I. IN WHAT GOD'S FATHERHOOD CONSISTS. This is shown to some extent in the context, and in the narrative of Solomon's early life and reign. But generally speaking we may rejoice that the fatherhood of God is shown in:

1. His providential care. As a Father, our Creator supplies the wants, both temporal and spiritual, of his dependent family.

2. His tender love. There is more than goodness, more than bounty, in God's treatment of his children. They have a moral nature able to appreciate kindness, forbearance, sympathy, and love. And, in his treatment of them, he has adapted his communications and his conduct to their spiritual need.

3. His wise discipline. It is distinctive of a true father's sway, that it aims at the highest good of the children. God certainly appoints trials for his offspring, and he reveals to us the consolatory truth, "Whom he loveth he scourgeth, and chastensth every child whom he receiveth." When we suffer he is not insensible. "Like as a father pitieth his children, so the Lord pitieth them that fear him."

4. His purposes for his children's future. As a father looks forward, and trains his son for the duties and responsibilities of after-life, so the great Father in heaven is maturing us for other scenes, higher employments, purer joys.

II. WHAT HUMAN SONSHIP INVOLVES. A true son is sensible of his father's watchful care, thoughtful kindness, tender affection. And he renders a filial return. In worship there is involved:

1. Gratitude. From God's spiritual family there goes up to heaven a daily song of thanksgiving and praise, for favour and forbearance never failing.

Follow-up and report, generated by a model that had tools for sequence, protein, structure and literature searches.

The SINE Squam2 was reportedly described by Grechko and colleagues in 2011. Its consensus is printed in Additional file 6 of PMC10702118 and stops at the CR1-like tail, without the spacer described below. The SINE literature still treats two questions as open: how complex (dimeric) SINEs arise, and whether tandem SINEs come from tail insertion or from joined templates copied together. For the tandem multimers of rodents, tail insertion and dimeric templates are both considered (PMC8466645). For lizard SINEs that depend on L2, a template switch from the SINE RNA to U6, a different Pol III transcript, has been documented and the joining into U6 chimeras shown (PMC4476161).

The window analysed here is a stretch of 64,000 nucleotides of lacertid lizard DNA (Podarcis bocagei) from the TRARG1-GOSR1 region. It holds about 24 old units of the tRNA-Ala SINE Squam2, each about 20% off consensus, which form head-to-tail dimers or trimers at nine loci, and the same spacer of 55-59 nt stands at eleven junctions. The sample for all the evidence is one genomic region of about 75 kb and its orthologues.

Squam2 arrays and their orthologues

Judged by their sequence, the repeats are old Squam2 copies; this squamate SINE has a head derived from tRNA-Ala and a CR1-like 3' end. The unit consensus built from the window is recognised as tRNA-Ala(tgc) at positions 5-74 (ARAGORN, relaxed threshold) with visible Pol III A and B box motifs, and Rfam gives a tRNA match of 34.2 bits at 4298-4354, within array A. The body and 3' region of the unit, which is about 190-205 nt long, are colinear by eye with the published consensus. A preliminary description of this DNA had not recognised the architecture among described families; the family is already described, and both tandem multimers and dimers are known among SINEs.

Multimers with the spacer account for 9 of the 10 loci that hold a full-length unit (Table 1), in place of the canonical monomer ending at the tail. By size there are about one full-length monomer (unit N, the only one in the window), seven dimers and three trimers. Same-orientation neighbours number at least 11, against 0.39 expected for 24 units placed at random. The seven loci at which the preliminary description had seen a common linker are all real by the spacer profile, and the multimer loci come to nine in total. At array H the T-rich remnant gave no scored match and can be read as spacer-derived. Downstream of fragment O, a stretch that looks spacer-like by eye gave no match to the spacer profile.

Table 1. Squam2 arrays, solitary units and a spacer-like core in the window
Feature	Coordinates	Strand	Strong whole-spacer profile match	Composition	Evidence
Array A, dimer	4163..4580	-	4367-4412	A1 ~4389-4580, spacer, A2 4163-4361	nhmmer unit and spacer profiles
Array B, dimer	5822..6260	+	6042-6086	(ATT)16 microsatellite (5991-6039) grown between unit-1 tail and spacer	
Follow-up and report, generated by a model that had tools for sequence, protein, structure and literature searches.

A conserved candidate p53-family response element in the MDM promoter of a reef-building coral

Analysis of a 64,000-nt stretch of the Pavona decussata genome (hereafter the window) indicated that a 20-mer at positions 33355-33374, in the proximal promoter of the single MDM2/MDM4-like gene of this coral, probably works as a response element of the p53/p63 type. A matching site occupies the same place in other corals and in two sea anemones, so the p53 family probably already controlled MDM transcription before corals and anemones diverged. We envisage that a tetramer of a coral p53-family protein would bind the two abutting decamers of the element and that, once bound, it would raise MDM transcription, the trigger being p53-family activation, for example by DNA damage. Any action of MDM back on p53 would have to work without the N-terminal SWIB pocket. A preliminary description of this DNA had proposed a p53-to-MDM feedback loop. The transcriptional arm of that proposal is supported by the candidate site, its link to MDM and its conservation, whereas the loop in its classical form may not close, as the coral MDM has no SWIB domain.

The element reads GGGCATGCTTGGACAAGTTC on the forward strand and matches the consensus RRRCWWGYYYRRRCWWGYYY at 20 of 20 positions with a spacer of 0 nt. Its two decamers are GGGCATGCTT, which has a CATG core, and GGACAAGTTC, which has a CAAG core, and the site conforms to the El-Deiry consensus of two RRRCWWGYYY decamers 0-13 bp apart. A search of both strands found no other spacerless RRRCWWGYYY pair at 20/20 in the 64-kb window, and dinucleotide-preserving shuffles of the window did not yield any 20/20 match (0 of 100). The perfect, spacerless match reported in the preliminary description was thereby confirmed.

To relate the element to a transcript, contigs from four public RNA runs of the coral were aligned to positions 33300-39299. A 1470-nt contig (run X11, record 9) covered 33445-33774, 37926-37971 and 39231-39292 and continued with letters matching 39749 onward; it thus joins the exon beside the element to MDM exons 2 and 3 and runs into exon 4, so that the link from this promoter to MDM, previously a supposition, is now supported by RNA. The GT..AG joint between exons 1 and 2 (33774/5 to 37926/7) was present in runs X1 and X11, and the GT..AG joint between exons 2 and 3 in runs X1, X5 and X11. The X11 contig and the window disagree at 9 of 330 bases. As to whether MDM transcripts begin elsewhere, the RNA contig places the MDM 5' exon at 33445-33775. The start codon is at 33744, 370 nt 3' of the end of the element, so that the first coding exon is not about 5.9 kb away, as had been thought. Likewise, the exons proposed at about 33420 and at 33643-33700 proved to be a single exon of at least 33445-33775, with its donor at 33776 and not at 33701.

2. Reverence and submission. The awful superiority of God must impress every just mind. The prayer offered will begin with the ascription, "Hallowed be thy Name."

3. Love. For, though so high, God is yet a Father, and "we love him, because he first loved us."

4. Obedience. This is the true test of filial reverence and of filial affection. There is no unfailing proof of love's sincerity save this.

5. Likeness. For, born anew by God's Spirit, God's children are imitators of God, resembling him in the moral features of his holy and amiable character. Admire the glorious work of the Divine and gracious Spirit.—T.

1 Chronicles 17:16.-Humility.

This chapter is one of peculiar beauty, as exhibiting at once the gracious intentions of the Lord towards one of his servants, and the grateful response of that servant to the condescension and loving-kindness with which he was treated. The spirit of self-abnegation and humility breathing in the language of the text awakens our admiration, and calls for our imitation. We are reminded by these words of —